Beauvoir Simone de 1908 - 1986 (78)

The word love has by no means the same sense for both sexes, and this is one cause of the serious misunderstandings that divide them.


The second sex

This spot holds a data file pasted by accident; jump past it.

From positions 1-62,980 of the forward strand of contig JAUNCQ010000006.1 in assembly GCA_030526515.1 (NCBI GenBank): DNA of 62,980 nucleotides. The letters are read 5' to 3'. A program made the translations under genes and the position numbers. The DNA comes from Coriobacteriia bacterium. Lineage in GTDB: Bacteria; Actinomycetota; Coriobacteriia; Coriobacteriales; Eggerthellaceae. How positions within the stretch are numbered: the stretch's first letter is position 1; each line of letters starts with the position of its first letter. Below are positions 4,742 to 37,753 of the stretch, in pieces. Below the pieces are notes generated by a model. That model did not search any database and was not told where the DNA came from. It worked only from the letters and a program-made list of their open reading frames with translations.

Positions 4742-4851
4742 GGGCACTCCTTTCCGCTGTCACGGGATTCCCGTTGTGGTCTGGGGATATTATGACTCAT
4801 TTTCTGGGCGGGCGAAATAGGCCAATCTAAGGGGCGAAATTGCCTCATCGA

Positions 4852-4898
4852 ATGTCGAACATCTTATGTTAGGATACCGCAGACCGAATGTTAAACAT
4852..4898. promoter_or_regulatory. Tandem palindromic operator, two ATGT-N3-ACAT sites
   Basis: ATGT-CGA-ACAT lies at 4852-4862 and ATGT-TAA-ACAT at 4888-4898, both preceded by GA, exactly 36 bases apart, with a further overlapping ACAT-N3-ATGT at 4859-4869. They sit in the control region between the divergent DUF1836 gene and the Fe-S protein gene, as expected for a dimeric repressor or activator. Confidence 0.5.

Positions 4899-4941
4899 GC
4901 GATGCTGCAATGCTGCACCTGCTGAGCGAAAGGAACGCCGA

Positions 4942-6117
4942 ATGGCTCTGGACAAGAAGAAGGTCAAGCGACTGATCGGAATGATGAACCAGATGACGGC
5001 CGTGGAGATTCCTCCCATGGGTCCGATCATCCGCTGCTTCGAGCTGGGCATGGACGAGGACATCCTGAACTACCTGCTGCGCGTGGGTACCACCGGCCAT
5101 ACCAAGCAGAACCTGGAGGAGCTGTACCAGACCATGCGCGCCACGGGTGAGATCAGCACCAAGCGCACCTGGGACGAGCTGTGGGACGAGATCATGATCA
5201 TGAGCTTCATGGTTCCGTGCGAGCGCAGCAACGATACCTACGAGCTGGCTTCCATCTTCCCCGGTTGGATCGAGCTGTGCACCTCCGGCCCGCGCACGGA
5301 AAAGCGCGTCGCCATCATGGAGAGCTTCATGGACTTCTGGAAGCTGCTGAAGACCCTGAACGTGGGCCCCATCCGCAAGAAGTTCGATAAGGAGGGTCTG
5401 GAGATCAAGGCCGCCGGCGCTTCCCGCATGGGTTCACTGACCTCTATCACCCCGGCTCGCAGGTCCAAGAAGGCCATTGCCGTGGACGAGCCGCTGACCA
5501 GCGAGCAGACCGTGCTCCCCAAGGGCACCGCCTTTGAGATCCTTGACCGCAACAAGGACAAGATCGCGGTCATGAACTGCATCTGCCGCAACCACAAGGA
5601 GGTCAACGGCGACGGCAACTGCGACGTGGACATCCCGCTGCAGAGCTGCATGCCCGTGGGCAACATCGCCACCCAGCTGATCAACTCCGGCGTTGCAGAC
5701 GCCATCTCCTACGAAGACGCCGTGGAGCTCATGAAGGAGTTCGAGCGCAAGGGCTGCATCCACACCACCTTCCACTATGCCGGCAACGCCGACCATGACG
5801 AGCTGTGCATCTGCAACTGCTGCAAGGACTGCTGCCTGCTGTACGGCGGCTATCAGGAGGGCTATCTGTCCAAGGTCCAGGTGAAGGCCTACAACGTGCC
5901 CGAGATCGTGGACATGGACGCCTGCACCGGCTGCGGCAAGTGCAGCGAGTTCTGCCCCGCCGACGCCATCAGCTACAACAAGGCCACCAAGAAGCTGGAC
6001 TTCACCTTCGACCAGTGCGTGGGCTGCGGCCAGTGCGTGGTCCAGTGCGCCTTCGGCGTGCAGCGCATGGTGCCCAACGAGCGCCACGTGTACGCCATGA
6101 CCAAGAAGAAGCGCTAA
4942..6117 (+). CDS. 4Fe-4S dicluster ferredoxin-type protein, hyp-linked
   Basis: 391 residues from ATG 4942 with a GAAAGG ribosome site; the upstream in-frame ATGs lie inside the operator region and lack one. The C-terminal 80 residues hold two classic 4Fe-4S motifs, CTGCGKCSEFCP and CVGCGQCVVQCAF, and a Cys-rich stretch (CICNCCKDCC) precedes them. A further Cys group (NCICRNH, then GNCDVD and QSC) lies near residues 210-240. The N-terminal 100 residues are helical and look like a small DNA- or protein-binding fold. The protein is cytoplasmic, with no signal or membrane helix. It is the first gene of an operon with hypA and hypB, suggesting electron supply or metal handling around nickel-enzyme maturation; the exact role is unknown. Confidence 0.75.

I hesitated a long time before writing a book on woman. The subject is irritating, especially for women; and it is not new. Enough ink has flowed over the quarrel about feminism; it is now almost over: let’s not talk about it anymore. Yet it is still being talked about. And the volumes of idiocies churned out over this past century do not seem to have clarified the problem. Besides, is there a problem? And what is it? Are there even women? True, the theory of the eternal feminine still has its followers; they whisper, “Even in Russia, women are still very much women”; but other well-informed people—and also at times those same ones—lament, “Woman is losing herself, woman is lost.” It is hard to know any longer if women still exist, if they will always exist, if there should be women at all, what place they hold in this world, what place they should hold. “Where are the women?” asked a short-lived magazine recently.